- Overpopulation and increasing Resource Consumption: Overpopulation does not seem to be the exponential problem that we once thought it was. Once become rich enough, their population growth rate slows down. The UK’s Ministry of Defense 2008 Strategic Trends report expects the population to level out at around 9 billion people between 2050 and 2100 (page 25). While overpopulation is itself not a problem, the exponential economic growth of these emerging economies are coincident with an exponential increase in demand for resources and these limited resources present constraints on growth.
Having established that exponential growth rates are important, here is a handy rule of thumb that will give an intuitive understanding of exponential growth. To calculate the doubling time of an exponentially growing series, take 70 (or 69.3 to be exact) and divide it by the growth rate. This means that a 10% growth rate leads to a doubling every 7 years, a 7% growth rate is a doubling every 10 years and a 3.5% growth rate is a doubling every 20 years.
*It is also possible that someone who both cares about the future and understands exponential growth might think that there were existential problems for the current society that are significant enough to reduce the probability of a far future donation from ever paying off.
Scott Sumner prefaces a very interesting overview of the German Crisis of 1931 with a political non sequitur:
First I’d like to make a few comments on this amusing video. My favorite line is when Joe Biden prays to God. I didn’t know that politicians talk to God in the same dishonest way they talk to voters. Bloggers on the right and on the left who think the other party is a bunch of lying weasels are half right. They are a bunch of lying weasels. But so is their own party, which they somehow overlook. Above the fray independents have the right attitude toward most politicians of both parties—contempt.
BTW, in my view Bush was right and the Dems were wrong in 2005, and Obama is right and the GOP is wrong today. The filibuster makes no sense. Indeed I’d like to see a parliamentary system in this country, where something like the German Free Democrats was in the center, determining what got done. Some people seem to believe the filibuster favors small government, but I find that unlikely. Size of government is just as likely to shrink as to grow, otherwise government would head toward 100% of the economy in the long run. So in the steady state there will be equal number of proposals to shrink government as to expand government.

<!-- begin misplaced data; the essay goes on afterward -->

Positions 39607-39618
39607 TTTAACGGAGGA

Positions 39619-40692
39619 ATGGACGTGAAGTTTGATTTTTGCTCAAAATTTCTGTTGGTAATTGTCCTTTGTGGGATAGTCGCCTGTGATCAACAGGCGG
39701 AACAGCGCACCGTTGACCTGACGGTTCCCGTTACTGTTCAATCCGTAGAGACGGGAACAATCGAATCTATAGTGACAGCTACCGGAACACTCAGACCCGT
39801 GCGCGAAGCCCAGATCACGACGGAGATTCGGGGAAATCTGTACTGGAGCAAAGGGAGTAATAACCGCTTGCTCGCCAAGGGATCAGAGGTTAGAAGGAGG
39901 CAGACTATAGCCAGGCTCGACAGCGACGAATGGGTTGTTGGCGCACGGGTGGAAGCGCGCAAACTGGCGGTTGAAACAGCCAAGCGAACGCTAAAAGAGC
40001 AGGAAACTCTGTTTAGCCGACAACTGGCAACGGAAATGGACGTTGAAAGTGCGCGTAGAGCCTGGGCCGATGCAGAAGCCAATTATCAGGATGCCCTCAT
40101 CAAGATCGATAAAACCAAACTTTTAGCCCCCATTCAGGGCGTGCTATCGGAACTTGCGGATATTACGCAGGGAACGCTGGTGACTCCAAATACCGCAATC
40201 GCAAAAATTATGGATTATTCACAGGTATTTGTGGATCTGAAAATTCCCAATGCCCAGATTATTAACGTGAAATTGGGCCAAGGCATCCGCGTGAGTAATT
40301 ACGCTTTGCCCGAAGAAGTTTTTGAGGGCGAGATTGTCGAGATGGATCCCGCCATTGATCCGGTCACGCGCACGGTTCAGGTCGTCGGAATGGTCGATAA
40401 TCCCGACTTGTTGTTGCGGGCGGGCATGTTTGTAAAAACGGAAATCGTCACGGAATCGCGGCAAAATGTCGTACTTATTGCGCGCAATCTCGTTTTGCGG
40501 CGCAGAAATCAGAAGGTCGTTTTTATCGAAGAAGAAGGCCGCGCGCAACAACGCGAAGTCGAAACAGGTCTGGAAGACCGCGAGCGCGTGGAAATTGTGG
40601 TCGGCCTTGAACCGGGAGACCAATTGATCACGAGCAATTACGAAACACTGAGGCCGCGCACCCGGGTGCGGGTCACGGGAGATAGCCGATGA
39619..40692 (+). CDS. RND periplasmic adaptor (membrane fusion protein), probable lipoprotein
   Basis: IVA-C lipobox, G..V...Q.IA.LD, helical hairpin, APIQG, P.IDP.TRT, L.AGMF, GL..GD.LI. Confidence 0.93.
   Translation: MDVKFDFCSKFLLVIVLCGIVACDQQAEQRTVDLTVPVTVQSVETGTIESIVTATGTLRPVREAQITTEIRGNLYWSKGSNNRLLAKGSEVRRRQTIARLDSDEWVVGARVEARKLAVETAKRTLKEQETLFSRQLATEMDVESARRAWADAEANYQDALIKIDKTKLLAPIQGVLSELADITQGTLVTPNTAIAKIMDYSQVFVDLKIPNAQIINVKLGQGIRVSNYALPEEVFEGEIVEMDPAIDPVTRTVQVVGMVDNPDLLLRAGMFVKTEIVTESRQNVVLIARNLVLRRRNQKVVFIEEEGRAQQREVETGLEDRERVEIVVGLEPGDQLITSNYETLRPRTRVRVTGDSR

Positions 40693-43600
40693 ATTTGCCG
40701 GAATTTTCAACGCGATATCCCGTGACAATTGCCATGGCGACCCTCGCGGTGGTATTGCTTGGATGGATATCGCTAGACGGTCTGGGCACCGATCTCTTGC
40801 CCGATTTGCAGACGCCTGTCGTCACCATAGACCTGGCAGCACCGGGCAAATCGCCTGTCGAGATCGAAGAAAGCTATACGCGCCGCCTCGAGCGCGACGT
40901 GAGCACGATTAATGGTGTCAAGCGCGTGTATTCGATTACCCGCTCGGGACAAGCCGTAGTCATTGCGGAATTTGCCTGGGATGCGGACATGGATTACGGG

When 59 people disagree with 41, the 59 are more likely to be right. If they were more likely to be wrong, we ought not have democracy at all.
OK, enough political nonsense. On to 1931:
His first paragraph is actually spot on. Most partisan squabbles consist of pots calling kettles black. People fail to recognize this for various reasons, perhaps because politics is a mind killer. The second paragraph where he asserts that the size of government is just as likely to shrink as grow is where he goes wrong. While federal government expenditures have remained at a pretty constant percent of GDP, there is a pretty clear upward trend when the outliers of the world wars are excluded.
The conservative revolution that started with Reagan in the 1980’s is interesting not because government shrank (Bill Clinton and his republican congress did see total government spending shrink by about 3% of GDP), but because throughout that time period government remained pretty constant as a percent of GDP.
While federal government spending as a percent of GDP might have been more constant than total government spending, their partial funding of joint programs with the states has encouraged the large increases in state level spending. Furthermore, a steady state government wouldn’t be growing at the same rate as the general economy. Assuming zero efficient gains, it would grow with population and with wages. If the government took care of the same tasks and had even slight productivity gains, its size relative to GDP would shrink as the rest of the economy grew so the mere fact that it is keeping track with GDP spending suggests that government has a tendency to grow instead of shrink.
Outside of pointing out the empirical trend of increases in government spending, there are very clear public choice reasons as to why new programs will generally lead to more spending. In this regard, Bryan Caplan asks a very interesting leading “extra credit” question that almost answers itself.
Suppose you had a billion dollars to spend in Washington to advance liberty. What's the biggest libertarian policy reform your billion could buy? How precisely should you spread your money around?
Remember: Many obvious strategies would lead to bad publicity and serious pushback. Your answer should take account of this feedback.